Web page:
Everest

Comprised of five singer/songwriters, the members of L.A.'s indie alt-country band Everest boast some impressive pedigrees, having played with groups like Earlimart, Sebadoh the Folk Implosion, Slydell, Mike Stinson, Great Northern, Alaska!, John Vanderslice, and the Watson Twins. Sharing a mutual admiration for each other's respective track records, the five were drawn together by a common desire to make classic-sounding pop songs in the style of earthy bands like Wilco and Calexico. Russell Pollard, Jason Soda, Joel Graves, Rob Douglas, and Derek Brown first assembled in 2007, and connected quickly. Graves was especially excited about the instant chemistry, remarking in interviews, "I'm getting to play with my favorite singer, my favorite bass player, my favorite guitar player, and my favorite drummer. It's the band I've always wanted to be in."

In August 2007, they entered New Monkey studio with Foo Fighters producer Mike Terry to capture a set of light, acoustic-based songs on vintage equipment. After only two weeks of recording, one week of mixing, and an afternoon of mastering, their debut album, Ghost Notes, was finished, and they started shopping it around. Neil Young's Vapor Records label -- home of Tegan and Sara and Jonathan Richman -- seemed a logical choice, and after signing there, the group made plans to tour in promotion of Ghost Notes, which was scheduled for release in May of 2008. Two years later, they returned with On Approach, an album co-released by Warner Brothers in conjunction with Vapor. The band toured ceaselessly in support of the album, but the Warner Brothers connection didn't last long. In the beginning of 2011, road-weary from constant gigging, the band was dropped from the label and set about the process of regrouping for their next album. Teaming up with producer Rob Schnapf, well known for his work with Beck, Elliott Smith and many others, the band set about on a very careful and considered recording process for their third album Ownerless, released in 2012

The Breaking

The Breaking is a new band by multi-instrumentalist songwriter Adam Sweeney (Incredible Yacht Control, The Cabin Project, Adam Sweeney & the Jamboree).

The band's sound is quite a departure from the straightforward folk rock of Sweeney's previous project, The Jamboree. Banjo and accordion have been replaced by swirling psychedelic harmonies, jangly 12-string and growling reverb-laden electric guitars.

Sweeney cites a diverse range of acts from the 70s and 90s as influences on the new project, including REM, Fleetwood Mac, CSNY, and U2's Achtung Baby.

With Sweeney on electric guitar and vocals, his band consists of Rian Lewis (Crosstide, The Dimes) on drums, Zach Pace (The Jamboree) on bass, and Chris Benson (Supercrow, Benson Amplification) on lead guitar.

Aaron Lee Tasjan

East Nashville-based musician Aaron Lee Tasjan has always considered himself a songwriter first and foremost, writing his own off-kilter folk-inflected songs since he picked up his first acoustic as a teen guitar prodigy. “A lot of the stuff I did previously was never the main focal point,” Tasjan explains. “It’s all just been pieces along the way.” His soon to be released Silver Tears (New West Records – Oct. 2016) will offer a glimpse through the eyes of one gifted songwriter and versatile musician. Whether playing guitar in the late incarnation of riotous glam-rock innovators the New York Dolls, the gender-bending, envelope-pushing sleaze n’ tease arena rock band Semi Precious Weapons, the Neil Young-signed alt-country act Everest, British roots rock band Alberta Cross, Southern rock stalwarts Drivin’ N’ Cryin’ or even as frontman of the devilishly cleverly-named Heartbreakers meets Replacements rockers Madison Square Gardeners, offer a glimpse through the eyes of one gifted songwriter and versatile musician.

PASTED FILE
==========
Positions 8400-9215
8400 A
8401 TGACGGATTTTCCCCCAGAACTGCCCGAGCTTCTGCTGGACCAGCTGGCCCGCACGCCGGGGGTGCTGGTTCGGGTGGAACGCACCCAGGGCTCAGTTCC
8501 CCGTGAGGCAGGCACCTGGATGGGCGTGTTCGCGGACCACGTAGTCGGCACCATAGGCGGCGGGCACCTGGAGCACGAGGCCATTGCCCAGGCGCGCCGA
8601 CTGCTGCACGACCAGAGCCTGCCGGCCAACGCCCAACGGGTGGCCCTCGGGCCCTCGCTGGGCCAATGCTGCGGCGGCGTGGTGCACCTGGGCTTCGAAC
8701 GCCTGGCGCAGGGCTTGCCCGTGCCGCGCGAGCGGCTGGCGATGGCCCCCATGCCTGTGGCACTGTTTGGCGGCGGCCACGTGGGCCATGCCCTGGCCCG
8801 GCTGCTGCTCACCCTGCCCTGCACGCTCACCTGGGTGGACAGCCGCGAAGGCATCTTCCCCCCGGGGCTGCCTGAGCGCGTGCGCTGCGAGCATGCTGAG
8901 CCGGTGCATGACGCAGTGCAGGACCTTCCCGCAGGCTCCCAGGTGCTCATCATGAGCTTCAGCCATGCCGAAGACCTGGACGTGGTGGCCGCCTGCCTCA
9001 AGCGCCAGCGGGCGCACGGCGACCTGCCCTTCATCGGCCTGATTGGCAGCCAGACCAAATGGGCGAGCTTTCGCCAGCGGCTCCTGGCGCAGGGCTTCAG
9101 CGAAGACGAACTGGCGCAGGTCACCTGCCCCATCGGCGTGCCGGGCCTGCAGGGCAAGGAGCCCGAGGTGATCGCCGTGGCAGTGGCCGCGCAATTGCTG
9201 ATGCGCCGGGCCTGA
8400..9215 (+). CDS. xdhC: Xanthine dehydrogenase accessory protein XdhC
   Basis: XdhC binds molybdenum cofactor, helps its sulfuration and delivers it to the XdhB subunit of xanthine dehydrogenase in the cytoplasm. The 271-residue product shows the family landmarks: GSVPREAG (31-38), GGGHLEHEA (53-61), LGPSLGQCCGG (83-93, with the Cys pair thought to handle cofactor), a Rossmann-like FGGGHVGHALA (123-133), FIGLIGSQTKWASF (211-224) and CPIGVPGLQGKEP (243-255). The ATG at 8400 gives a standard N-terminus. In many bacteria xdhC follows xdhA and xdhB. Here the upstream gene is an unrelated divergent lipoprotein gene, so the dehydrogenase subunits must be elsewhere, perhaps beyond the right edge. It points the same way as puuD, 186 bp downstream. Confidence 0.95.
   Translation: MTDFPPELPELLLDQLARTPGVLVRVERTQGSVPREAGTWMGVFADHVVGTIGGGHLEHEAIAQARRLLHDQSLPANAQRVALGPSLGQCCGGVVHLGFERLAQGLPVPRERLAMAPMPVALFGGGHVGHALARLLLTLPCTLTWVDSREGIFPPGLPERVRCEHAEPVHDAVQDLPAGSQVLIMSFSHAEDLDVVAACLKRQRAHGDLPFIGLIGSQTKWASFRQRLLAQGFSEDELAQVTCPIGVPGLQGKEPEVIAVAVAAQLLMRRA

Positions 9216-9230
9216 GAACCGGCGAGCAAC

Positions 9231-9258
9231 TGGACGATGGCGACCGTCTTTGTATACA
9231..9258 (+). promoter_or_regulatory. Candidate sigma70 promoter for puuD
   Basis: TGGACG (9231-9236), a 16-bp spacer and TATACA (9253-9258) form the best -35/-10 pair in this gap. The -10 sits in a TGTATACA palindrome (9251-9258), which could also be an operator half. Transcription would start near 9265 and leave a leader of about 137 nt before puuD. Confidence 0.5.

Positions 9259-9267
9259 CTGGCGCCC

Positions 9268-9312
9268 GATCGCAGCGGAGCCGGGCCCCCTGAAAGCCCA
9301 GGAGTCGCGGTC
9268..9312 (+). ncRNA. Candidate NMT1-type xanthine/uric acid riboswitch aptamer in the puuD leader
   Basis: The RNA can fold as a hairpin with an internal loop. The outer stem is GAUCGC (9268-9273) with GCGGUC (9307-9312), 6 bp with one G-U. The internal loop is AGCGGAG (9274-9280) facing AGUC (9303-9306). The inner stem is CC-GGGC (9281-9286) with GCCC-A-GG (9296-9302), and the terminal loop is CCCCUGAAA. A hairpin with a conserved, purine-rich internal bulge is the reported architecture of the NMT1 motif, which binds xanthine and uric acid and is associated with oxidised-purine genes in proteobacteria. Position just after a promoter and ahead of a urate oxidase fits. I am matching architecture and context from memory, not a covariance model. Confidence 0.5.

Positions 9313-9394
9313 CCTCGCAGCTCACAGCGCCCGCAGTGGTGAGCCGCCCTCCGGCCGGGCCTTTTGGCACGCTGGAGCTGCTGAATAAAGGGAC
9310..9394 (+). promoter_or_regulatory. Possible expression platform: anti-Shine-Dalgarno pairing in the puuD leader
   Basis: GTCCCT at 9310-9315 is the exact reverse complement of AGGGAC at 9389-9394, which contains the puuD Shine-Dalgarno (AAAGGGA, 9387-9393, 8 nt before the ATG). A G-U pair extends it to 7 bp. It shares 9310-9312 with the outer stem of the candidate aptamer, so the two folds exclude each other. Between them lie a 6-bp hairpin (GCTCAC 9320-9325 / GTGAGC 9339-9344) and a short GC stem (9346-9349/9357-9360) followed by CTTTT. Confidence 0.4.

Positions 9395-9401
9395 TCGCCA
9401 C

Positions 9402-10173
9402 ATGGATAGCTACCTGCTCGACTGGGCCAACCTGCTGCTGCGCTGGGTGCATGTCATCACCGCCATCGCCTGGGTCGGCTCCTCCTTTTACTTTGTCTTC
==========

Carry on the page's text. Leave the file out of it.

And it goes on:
While those stints may have never been his main destination, each one has been a stepping stone that has uniquely informed his songwriting and made him a compelling, singular artist. Tasjan’s songs, as first heard on his debut solo EP, 2014’s Crooked River Burning, are indebted to great American storytellers like John Prine, Tom Petty, Guy Clark, Steve Goodman, Arlo Guthrie and Todd Snider. They are imbued with wry wit, a sharp tongue and a lot of heart.

Last year’s self-released LP, In The Blazes, received accolades from American Songwriter, Rolling Stone, Nashville Scene and NPR and suggested Tasjan was an artist to keep an eye on. While that album hinted at Tasjan’s enormous potential, it’s his sophomore effort, his New West Records debut, Silver Tears, that best realizes his artistic ambitions and solidifies him as one of the most intriguing singer/songwriters to emerge in sometime. An inspired and confident set of songs, the 12-track album, which features a cover with Tasjan decked out in a reflective suit and Stetson, careens from woozy pot paeans to brooding, cinematic observations to laid back ‘70s country-rock and galloping anthems to introspective folk and rollicking honky-tonk. “I might have made something that will surprise people,” Tasjan admits. “I didn’t completely abandon the recipe, but I really stretched myself and pushed beyond what people might expect from me. Being true as a musician, I’m not just one thing – and a variety of styles is a way to accomplish that. “

As in the song “On Your Side,” which sees Tasjan warble, “I sing jokes/And call ’em songs/Nobody knows where they belong/I’ve come up short/For far too long/And what felt right/Now feels so wrong,” Tasjan often turns the mirror on himself, never afraid to cast himself in a negative light. “One of the reasons I’ve been able to connect with people is by being honest and saying this is a really realistic picture of who I am,” he says. “It’s not always the good but it’s me.”

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